I have a question related to heating and cooling using a geothermal system.
We built a new home 2 years ago. It’s a conventional framed home, but I tried to incorporate the most energy efficient products I could as far as insulation and windows. It is a brick ranch, and I do know this adds no insulation value. We are in the country on 3 acres, so we use propane for fuel.
At the time we built I hadn’t researched geothermal heating and cooling systems, but with the sharp increase in propane since we built, I have been checking into it more, and also a friend of ours is in the process of building a new home right now with this type of system.
I forgot to mention our location is Verona Illinois, west of Chicago about 80 miles.
I’m trying to gather as much info as possible to make a good decision regarding adding this type of system. Do you have any recommendations as far as these systems go?
What I have to say may not apply to your colder part of the US, but here in Virginia where we have both a heating load in the winter and a large cooling load in the summer, there has been mixed results with geo-thermal systems. For most of the systems I have been asked to check or were installed on homes that we provided a solar system, they cut the winter heating bill almost in half. However, the summer cooling performance was not much better than using a high quality air-cooled unit. I think this was not a problem with the indoor units, but a problem with an under-sized ground loop, well, or ground-coupled piping. Since it is costly to drill several deep wells or dig up half of your yard to install a large ground loop system, perhaps this part of these systems gets under-sized? Since you may not have much of a summer cooling load this may be less of a problem, but then you may have the problem in reverse from us since our winter temperatures may not cool down the earth as deep as where you are which would reduce the winter heating savings.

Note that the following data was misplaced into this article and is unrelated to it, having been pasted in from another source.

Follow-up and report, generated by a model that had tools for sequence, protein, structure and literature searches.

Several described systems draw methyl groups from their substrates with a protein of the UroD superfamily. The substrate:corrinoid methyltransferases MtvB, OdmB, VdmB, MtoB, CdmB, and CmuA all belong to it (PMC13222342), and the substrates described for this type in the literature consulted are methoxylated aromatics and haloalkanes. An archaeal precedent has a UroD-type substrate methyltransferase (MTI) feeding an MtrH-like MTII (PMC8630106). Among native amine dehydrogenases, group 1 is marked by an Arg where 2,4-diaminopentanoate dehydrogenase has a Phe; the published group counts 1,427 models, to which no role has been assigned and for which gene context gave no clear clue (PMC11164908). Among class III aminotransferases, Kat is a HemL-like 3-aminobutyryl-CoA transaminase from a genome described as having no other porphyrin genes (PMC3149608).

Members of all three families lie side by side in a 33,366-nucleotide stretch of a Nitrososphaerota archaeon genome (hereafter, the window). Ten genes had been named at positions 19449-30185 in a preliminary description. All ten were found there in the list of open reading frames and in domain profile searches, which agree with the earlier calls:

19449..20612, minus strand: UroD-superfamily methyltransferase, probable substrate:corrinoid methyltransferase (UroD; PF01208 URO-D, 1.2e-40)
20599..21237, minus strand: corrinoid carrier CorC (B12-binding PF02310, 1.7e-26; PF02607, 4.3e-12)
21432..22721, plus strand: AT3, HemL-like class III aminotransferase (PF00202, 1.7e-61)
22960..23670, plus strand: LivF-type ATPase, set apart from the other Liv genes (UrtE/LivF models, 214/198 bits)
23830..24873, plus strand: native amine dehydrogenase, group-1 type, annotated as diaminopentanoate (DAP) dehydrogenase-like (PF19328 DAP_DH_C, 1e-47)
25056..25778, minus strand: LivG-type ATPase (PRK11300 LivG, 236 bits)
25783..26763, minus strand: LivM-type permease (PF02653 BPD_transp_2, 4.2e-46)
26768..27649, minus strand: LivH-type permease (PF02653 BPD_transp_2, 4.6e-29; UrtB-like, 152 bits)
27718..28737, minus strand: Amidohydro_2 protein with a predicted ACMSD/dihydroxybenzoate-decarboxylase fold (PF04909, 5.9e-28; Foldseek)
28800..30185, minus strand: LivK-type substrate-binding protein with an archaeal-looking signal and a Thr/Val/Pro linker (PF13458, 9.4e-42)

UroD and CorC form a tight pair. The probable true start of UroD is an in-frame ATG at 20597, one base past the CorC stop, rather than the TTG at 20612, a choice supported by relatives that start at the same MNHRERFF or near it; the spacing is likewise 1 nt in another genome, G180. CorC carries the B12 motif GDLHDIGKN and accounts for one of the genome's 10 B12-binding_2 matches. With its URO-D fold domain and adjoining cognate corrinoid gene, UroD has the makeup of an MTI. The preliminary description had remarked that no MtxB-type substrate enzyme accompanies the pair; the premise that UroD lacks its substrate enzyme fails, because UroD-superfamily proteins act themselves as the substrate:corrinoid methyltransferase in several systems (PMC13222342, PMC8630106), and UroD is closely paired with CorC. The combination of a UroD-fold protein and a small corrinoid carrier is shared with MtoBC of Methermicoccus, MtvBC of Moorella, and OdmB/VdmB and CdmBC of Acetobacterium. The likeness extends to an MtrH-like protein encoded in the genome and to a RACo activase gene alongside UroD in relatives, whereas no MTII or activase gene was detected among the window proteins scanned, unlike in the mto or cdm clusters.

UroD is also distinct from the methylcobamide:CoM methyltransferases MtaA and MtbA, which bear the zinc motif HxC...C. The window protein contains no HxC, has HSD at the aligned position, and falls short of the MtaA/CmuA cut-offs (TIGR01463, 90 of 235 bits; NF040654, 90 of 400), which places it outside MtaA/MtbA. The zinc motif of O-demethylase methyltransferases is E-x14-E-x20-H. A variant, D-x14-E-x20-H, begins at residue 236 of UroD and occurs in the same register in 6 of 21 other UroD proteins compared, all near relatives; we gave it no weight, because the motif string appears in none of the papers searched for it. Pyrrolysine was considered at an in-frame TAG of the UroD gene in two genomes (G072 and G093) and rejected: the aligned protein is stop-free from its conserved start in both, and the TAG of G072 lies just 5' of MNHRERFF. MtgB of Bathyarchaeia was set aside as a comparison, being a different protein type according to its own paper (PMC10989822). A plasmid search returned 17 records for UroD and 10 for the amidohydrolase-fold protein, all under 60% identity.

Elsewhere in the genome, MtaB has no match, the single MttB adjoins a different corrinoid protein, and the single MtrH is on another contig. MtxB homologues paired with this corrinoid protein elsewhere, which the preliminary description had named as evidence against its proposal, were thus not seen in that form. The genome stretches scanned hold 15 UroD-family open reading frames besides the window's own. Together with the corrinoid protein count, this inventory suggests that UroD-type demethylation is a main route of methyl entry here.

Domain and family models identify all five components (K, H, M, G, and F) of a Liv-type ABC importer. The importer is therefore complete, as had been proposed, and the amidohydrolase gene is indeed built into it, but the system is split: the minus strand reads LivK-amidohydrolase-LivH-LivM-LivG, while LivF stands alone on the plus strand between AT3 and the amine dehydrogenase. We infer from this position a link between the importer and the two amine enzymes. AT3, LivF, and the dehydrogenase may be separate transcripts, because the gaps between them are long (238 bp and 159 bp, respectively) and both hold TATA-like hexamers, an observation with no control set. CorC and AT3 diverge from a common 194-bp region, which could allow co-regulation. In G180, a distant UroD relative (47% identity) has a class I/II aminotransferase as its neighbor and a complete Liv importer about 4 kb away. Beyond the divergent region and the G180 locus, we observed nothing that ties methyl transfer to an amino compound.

Regardless of heating system type, I would first reduce my heating load with low cost solutions like more ceiling/attic insulation, added under-floor or crawl space insulation, and seal all cracks and air infiltration. There are low cost testing services that can do an air door pressure test of your home which might identify some high loss areas.